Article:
If you are such a gang-rape survivor, or indeed anybody else who has had a rougher go of things than I have in Life, and this due to any reason at all; please know that any advantages afforded me by my obviously much lower martyr-status — for example, those resources (financial or otherwise) that I have come to control by virtue of the fact that I am a college-educated white man of middle-class upbringing living in a world that was mostly designed by and expressly built for guys like me (or at least, the ones who aren’t autistic) — I wish to assure you that I am wholeheartedly committed to applying those advantages to the task of making the world safer for you and for everyone that matters to you.

If you have any suggestions for how best to do that, I would love to know about them.

Thanks for reading this.

Sincerely,

The Walrus


[1] For an example of such an attempt and general overview of the events in question, see An Open Letter to A Certain EEOC Deputy District Director.

The U.S. Constitution is displayed with a brown gavel on it

Civil Rights Don’t Get ‘Violated’; They Get Raped

violate_definition_490x300

“Rape” is one common dictionary definition for the word “violate”. Image Credit: Merriam-Webster online dictionary.

I have learned a great deal from my numerous misadventures with “Batman” and his “Justice League Gang” . Perhaps the most important thing I’ve learned is that this linguistic convention of using a word like violated to describe what happens when someone “breaks” or “disobeys” a Civil Rights Law is ethically dubious — possibly cruel.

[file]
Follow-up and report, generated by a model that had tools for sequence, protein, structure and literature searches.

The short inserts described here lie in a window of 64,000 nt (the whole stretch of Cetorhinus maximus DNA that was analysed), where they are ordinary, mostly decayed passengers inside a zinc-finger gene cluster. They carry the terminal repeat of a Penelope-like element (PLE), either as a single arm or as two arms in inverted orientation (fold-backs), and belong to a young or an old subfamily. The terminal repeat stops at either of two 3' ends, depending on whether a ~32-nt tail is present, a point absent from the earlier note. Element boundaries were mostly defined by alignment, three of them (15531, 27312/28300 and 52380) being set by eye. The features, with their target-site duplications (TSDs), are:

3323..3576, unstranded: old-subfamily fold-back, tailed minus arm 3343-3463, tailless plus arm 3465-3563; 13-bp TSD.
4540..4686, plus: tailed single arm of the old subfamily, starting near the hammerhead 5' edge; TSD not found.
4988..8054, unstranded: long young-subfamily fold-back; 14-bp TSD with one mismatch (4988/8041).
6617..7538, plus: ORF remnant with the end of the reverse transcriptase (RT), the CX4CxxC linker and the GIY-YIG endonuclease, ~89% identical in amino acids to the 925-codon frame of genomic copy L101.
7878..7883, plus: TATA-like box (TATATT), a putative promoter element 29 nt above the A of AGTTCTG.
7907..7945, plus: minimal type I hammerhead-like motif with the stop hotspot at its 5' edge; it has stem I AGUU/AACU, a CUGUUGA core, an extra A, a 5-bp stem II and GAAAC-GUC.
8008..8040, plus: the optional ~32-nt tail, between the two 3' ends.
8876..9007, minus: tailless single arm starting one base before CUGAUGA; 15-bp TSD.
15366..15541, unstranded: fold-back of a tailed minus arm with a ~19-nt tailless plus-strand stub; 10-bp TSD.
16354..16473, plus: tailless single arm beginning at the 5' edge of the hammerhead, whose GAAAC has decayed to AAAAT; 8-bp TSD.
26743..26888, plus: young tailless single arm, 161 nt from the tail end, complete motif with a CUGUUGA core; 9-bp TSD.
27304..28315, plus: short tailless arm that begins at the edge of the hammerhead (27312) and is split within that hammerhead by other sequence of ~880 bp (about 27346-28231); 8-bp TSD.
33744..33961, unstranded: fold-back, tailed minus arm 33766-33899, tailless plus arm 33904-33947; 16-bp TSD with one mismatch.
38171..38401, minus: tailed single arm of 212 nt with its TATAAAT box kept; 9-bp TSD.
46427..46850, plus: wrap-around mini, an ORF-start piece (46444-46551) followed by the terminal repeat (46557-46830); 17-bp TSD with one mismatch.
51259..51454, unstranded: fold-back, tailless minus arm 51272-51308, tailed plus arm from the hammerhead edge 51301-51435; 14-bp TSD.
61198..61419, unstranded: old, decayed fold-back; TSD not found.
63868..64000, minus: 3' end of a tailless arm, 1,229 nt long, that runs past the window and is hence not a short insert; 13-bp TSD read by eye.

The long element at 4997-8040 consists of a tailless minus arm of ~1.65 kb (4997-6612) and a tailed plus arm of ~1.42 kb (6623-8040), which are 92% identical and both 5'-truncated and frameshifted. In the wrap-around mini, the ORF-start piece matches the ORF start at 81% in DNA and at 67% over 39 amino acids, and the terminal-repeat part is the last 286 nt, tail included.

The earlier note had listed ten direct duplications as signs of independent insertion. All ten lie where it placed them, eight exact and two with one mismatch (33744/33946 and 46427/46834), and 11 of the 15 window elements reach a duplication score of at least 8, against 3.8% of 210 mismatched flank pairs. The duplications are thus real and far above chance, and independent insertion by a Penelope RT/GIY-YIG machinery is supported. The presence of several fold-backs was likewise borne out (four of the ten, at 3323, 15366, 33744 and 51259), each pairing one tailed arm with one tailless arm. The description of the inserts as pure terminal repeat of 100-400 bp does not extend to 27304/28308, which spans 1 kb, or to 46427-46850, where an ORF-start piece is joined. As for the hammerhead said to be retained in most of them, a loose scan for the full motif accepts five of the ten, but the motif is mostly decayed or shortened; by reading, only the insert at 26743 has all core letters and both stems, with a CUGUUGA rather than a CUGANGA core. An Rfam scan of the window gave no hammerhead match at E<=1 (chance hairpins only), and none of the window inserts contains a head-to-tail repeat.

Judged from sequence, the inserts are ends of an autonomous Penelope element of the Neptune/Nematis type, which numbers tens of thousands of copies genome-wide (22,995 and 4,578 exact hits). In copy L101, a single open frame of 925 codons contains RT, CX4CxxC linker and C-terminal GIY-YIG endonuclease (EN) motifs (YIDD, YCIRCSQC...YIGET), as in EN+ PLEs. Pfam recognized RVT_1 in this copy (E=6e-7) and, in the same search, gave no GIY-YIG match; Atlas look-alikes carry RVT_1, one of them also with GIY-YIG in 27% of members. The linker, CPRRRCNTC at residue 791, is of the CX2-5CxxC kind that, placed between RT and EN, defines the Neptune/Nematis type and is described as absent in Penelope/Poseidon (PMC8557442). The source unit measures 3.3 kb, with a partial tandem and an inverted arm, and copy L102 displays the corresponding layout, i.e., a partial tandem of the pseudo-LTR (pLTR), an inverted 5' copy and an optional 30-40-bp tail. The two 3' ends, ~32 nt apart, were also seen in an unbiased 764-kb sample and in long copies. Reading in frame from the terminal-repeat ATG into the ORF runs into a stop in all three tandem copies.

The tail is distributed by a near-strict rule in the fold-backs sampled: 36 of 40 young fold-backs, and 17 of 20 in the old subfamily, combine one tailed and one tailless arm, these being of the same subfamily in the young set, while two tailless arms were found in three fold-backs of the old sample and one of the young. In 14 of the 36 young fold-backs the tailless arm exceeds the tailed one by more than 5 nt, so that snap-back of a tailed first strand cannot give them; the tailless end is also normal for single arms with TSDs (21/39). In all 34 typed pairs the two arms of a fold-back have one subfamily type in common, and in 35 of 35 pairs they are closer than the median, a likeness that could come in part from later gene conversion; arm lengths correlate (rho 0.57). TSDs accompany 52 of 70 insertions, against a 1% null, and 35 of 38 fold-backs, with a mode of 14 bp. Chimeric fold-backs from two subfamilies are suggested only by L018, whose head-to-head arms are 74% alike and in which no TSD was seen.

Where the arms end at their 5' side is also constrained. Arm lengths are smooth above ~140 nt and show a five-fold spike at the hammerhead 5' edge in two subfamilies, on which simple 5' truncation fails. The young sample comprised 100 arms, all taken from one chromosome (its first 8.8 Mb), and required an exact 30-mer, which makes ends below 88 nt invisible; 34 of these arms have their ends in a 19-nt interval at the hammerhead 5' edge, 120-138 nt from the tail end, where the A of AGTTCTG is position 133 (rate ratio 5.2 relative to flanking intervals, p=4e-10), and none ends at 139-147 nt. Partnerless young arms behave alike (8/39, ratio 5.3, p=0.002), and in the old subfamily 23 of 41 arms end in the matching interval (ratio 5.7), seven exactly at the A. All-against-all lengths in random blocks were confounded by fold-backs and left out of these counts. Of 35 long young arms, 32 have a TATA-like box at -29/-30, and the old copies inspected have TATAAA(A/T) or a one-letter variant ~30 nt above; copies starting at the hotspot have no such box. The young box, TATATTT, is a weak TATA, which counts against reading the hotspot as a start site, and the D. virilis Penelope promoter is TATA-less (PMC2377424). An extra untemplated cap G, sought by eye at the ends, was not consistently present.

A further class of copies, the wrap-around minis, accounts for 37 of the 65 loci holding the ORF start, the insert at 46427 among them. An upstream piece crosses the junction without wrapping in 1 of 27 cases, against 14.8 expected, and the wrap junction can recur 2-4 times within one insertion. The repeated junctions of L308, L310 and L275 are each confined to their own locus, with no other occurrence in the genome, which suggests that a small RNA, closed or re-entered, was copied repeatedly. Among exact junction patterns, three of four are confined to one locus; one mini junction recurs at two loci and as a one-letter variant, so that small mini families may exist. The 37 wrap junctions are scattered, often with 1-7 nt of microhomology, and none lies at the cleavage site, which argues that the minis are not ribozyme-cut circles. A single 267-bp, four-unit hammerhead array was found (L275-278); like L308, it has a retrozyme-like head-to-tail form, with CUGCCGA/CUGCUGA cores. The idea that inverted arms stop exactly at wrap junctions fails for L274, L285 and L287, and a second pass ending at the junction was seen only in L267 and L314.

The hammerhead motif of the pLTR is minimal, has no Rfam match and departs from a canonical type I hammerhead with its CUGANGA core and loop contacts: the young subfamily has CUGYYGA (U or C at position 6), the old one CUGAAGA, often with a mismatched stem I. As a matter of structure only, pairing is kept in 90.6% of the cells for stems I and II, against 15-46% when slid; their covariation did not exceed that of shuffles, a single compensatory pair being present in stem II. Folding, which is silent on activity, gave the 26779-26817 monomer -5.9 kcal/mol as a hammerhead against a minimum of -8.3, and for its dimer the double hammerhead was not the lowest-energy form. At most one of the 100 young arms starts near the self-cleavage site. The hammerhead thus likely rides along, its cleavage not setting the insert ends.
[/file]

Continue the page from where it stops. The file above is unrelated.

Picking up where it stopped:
Civil Rights don’t get “violated”; they get raped.

In my opinion, to describe a Civil Rights crime with any sort of neutral, or objective, or “politically correct” word like violation is to risk minimizing or invalidating the trauma suffered by the victim.

Even if that victim was not really sexually assaulted, an act of Civil Rights rape can be psychologically traumatic, which for the victim is also a kind of rape — psychological rape. And I’m really not sure this is some sort of figurative interpretation of rape. Consider that rape is commonly held to be about power, not sex, suggesting that a lack of sexually related physical contact need not necessarily disqualify a given event as an example of rape. Also, however important may be the actual physical trauma of sexual assault, in the long run it is the psychological trauma that matters most. Bodies heal much more quickly than minds. Long after the stitches are removed, the STD’s are treated, and any unwanted fetus is aborted, the mind is probably still oozing pus.

The next time you catch yourself or someone else talking about a given Civil Rights “violation”, I invite you to consider that what actually happened was a Civil Rights rape.

 

Why You Really Must Stop Talking About Your Civil Rights!

Warning! Whenever you talk about “your Civil Rights” you are walking straight into a trap. Please do not ever talk about “your Civil Rights”!